forever because exact comparison of floating-point numbers

is a common source of errors. This is even more true since

you multiply 'n' by 10 which is not a power-of-two

@Anonymous 1

I am not aware of radix implementation in C#. However can you explain how decimals can work with radix?

@Anonymous 2

n - (int) n will eventually reduce to 0 since we are multiplying n by 10. Normally I would have a > 0 condition but in this case it indeed will be equal once all the digits preceed the decimal.

@Ashish Kaila: that's right if we assume to have an fp number with

very large mantissa (e.g., BigFloat).

Remember that, in floating-point format, any number is stored

in scientific format, i.e.:

`sign * mantissa * 2^{exponent + bias}`

each multiplication by 10 introduces some small error and

these errors tend to accumulate. Thus, comparing two fp-numbers

for equality is, in many cases, meaningless. Just try to run your

algorithm for n = 1.000002

<pre lang="" line="1" title="CodeMonkey59447" class="run-this">import java.math.BigDecimal;

import java.util.Arrays;

public class DoubleToFraction

{

public static void main(String[] args)

{

double number = 314159265 / 358979323.0;

toFraction(number);

}

private static void toFraction(double number)

{

BigDecimal numerator = new BigDecimal(number);

int scale = numerator.scale();

numerator = numerator.movePointRight(scale);

BigDecimal denominator = new BigDecimal(10).pow(scale);

BigDecimal gcd = gcd(numerator, denominator);

numerator = numerator.divide(gcd);

denominator = denominator.divide(gcd);

System.out.println(numerator);

System.out.println(createFractionLine(numerator, denominator));

System.out.println(denominator);

}

private static BigDecimal gcd(BigDecimal num1, BigDecimal num2)

{

return (num2.equals(BigDecimal.ZERO)) ? num1 : gcd(num2, num1.remainder(num2));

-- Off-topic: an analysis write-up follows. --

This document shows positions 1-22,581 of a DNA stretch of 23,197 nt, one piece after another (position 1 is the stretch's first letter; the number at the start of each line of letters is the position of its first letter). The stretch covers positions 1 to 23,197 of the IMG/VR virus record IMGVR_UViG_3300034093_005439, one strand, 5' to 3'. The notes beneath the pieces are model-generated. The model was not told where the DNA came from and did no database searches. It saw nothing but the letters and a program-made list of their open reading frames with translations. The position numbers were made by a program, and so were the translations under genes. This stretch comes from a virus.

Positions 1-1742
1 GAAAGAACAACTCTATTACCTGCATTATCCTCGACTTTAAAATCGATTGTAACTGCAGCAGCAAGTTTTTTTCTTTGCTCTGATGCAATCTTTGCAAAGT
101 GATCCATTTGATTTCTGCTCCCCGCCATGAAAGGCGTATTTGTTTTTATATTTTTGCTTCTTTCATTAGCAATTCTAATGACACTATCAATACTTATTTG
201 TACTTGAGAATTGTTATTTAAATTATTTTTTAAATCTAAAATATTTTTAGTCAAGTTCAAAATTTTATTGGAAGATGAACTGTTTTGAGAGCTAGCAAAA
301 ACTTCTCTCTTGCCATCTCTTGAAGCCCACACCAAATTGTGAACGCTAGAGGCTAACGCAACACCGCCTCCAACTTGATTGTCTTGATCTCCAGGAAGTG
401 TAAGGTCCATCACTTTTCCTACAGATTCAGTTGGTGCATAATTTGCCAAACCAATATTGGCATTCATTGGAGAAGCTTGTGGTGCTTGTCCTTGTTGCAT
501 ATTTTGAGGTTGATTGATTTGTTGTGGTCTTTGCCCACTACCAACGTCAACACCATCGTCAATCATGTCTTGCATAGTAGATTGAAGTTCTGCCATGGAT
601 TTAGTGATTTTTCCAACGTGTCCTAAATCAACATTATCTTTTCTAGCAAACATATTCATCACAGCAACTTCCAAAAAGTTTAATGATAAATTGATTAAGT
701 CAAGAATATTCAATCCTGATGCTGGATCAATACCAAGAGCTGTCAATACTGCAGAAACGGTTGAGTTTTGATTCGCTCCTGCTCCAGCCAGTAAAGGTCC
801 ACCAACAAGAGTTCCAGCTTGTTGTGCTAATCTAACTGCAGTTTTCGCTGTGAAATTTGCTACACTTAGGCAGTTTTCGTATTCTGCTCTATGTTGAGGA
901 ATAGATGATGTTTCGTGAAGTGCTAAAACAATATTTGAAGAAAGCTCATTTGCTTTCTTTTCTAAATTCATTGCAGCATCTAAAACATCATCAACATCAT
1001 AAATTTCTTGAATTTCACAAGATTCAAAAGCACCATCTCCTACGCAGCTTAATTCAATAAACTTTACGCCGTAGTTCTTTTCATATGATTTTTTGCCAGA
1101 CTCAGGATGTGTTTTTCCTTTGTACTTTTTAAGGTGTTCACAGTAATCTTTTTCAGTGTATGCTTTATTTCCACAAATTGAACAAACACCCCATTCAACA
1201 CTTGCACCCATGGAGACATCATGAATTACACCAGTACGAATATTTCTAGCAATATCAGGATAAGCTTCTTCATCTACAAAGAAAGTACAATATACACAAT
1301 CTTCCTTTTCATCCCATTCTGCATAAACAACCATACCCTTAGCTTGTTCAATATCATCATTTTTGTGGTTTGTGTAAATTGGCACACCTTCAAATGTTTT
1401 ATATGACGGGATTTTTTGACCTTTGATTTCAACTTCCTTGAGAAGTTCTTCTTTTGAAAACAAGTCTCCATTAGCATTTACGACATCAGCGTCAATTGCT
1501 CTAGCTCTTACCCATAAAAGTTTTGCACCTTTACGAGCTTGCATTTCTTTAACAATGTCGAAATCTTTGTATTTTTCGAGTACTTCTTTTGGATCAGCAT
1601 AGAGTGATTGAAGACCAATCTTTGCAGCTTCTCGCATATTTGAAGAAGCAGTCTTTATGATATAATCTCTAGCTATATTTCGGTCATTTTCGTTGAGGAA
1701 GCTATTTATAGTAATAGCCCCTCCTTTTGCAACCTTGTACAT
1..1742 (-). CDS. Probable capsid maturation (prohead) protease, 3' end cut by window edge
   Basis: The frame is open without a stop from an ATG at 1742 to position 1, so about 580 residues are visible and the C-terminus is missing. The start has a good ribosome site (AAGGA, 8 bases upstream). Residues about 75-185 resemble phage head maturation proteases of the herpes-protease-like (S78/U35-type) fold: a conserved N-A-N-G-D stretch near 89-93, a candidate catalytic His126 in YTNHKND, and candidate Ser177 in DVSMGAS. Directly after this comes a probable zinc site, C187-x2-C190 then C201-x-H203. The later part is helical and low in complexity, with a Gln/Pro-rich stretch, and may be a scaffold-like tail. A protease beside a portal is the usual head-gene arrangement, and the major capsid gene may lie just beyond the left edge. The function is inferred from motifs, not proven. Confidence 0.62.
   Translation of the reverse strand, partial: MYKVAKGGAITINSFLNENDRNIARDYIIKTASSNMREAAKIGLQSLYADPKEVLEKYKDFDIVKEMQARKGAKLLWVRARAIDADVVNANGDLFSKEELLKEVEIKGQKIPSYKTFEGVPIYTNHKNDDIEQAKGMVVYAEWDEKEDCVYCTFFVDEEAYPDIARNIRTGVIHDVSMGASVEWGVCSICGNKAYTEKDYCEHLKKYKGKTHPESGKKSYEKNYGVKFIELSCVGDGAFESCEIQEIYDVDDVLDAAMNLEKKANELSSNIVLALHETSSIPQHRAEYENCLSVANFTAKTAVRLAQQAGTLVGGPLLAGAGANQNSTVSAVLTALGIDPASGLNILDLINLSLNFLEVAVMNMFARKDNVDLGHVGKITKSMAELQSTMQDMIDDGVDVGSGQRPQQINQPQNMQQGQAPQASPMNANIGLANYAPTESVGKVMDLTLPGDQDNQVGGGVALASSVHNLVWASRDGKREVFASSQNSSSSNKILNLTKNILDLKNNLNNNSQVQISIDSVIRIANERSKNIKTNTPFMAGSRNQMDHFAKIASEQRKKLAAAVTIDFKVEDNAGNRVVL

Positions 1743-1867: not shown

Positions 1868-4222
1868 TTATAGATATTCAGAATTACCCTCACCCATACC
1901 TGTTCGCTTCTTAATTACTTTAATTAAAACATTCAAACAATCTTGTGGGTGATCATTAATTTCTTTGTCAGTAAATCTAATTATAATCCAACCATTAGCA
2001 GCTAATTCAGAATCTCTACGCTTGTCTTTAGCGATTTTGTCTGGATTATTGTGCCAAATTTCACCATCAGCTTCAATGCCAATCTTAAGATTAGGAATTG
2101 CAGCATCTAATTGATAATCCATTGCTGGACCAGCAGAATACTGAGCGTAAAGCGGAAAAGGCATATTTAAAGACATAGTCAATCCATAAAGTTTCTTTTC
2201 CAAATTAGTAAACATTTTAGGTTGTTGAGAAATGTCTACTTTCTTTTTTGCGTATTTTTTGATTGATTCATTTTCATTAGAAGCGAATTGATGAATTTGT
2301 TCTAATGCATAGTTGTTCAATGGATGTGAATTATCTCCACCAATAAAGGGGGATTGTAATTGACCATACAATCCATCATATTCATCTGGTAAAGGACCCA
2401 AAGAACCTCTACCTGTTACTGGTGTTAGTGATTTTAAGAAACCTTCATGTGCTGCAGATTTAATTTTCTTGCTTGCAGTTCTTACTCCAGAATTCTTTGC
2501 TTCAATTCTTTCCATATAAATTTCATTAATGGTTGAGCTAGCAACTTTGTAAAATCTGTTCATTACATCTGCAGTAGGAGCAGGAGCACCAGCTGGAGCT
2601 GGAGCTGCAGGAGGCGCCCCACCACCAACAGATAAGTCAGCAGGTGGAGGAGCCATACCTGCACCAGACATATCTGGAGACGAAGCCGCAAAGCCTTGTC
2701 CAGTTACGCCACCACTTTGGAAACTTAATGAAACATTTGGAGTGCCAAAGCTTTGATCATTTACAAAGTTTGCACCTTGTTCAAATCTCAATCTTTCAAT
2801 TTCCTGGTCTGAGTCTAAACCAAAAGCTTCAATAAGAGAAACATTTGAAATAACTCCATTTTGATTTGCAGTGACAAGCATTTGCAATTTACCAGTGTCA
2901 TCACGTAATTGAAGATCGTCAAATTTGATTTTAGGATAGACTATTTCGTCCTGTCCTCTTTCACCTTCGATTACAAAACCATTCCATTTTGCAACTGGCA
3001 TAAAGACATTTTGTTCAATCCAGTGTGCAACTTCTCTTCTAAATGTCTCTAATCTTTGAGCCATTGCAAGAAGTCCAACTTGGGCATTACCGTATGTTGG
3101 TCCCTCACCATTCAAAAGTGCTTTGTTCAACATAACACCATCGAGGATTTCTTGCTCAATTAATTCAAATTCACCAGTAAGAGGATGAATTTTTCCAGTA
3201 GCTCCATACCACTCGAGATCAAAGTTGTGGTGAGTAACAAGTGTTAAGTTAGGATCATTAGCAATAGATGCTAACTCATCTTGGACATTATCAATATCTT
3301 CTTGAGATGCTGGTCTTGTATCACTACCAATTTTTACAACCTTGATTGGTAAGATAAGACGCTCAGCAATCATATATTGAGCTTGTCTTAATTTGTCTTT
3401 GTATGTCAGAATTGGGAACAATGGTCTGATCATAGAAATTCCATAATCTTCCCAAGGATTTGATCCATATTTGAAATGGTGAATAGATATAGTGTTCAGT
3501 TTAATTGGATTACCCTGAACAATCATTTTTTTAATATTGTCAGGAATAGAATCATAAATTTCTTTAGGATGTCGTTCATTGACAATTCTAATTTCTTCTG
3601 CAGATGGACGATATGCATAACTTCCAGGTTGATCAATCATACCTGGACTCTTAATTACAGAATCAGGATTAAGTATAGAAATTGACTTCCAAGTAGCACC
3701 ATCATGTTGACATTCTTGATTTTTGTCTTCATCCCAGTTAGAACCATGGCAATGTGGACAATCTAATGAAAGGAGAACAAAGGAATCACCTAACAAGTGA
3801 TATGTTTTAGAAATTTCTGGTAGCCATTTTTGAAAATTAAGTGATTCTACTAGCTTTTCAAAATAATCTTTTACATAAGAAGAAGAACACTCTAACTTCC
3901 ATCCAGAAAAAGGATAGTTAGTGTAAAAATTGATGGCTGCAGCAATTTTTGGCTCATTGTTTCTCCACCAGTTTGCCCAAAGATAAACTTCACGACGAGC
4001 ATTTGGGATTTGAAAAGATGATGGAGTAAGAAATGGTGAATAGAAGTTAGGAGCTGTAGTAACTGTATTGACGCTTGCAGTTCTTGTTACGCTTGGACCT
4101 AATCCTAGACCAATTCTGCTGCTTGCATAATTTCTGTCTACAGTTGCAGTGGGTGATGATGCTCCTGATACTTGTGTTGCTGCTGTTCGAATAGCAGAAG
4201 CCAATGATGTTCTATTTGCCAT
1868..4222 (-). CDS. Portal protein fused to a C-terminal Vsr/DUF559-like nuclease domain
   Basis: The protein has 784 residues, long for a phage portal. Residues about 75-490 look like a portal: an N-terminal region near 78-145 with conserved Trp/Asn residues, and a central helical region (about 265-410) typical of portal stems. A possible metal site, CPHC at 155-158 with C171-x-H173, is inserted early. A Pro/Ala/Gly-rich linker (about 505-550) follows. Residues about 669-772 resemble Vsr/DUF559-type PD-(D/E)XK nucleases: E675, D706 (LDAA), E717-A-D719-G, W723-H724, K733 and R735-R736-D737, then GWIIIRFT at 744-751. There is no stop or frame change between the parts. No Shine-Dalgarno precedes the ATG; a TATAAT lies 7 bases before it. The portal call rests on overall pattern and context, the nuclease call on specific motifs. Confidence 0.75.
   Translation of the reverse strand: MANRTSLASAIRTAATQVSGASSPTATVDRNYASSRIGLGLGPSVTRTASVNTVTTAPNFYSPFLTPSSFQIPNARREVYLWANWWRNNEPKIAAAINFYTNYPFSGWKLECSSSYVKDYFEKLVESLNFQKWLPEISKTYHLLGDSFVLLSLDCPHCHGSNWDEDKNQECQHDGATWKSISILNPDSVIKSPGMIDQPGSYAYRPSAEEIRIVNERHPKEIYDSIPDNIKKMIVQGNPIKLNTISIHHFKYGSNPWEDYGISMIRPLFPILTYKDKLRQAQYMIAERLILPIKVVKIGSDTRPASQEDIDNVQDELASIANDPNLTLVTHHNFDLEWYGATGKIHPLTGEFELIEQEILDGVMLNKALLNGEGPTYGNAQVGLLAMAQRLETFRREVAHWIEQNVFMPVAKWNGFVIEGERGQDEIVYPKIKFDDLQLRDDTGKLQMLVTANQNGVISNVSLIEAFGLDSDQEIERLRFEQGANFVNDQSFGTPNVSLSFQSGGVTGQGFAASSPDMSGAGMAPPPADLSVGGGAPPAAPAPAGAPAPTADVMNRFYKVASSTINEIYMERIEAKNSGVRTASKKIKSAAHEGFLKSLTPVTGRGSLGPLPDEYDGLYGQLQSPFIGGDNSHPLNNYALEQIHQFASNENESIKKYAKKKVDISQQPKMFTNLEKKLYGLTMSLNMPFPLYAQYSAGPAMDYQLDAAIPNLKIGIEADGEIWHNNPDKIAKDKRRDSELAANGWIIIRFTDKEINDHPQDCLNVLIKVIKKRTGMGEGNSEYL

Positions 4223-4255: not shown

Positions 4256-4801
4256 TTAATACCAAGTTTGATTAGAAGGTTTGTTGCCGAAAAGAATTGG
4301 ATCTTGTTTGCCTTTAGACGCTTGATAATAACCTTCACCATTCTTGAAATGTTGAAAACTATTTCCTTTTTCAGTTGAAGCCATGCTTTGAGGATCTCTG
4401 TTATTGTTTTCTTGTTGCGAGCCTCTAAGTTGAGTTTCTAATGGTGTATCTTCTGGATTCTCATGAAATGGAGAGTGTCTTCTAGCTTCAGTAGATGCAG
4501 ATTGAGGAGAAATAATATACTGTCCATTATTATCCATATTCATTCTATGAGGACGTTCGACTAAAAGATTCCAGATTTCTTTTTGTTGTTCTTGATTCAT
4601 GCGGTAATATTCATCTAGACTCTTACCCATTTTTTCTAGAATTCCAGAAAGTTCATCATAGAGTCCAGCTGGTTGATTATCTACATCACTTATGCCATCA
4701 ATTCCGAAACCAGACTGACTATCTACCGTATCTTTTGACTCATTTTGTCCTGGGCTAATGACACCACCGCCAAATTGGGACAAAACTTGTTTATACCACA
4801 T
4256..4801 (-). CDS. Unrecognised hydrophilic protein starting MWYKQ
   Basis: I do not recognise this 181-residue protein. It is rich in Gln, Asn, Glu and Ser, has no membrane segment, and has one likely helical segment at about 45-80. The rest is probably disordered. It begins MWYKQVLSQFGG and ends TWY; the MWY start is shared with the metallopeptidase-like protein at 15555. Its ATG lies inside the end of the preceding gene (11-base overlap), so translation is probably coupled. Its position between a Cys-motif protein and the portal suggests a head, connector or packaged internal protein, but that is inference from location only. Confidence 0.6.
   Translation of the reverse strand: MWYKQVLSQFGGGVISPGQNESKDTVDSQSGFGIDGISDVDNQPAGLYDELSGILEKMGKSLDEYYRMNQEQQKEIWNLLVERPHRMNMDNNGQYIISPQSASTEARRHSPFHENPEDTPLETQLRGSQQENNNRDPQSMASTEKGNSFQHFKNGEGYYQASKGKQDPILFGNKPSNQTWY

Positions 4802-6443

}

private static String createFractionLine(BigDecimal numerator, BigDecimal denominator)

{

char[] chars = new char[Math.max(numerator.precision(), denominator.precision())];

Arrays.fill(chars, '—');

return new String(chars);

}

}</pre><pre title="CodeMonkey59447" input="yes">

</pre>

int GCD(int a, int b)

{

assert(a > 0);

assert(b > 0);

int m = a > b ? a : b;

int n = a > b ? b : a;

while(n != 0)

{

int temp = m % n;

m = n;

n = temp;

}

return m;

}

void ConvertDouble(double e)

{

const double diff = 1e-32;

bool flag = false;

if(e < 0)

{

e = -e;

flag = ture;

}

int denominator = 1;

while(e - (int)e) > diff)

{

denominator *= 10;

e *= 10;

}

int fraction = (int)e;

int gcd = GCD(denominator, fraction);

denominator /= gcd;

fraction /= gcd;

if(flag)

fraction = -fraction;

printf("%d/%d\n", fraction, denominator);

}

@ all cc users

- kamal November 15, 2011please give ur approach or algo first and then write the code(code is not required the people using the cc have enough potential to code).

my approach

find the numerator remove the decimal we will get the numerator

here .125 numerator is 125

now find the denominator =10^(number of digit in numerator) here 10^3=1000

now find the HCF of numerator and denominator

here HCF of 125 and 1000 is 125

now divide the numerator and denominator by HCF

we get the answer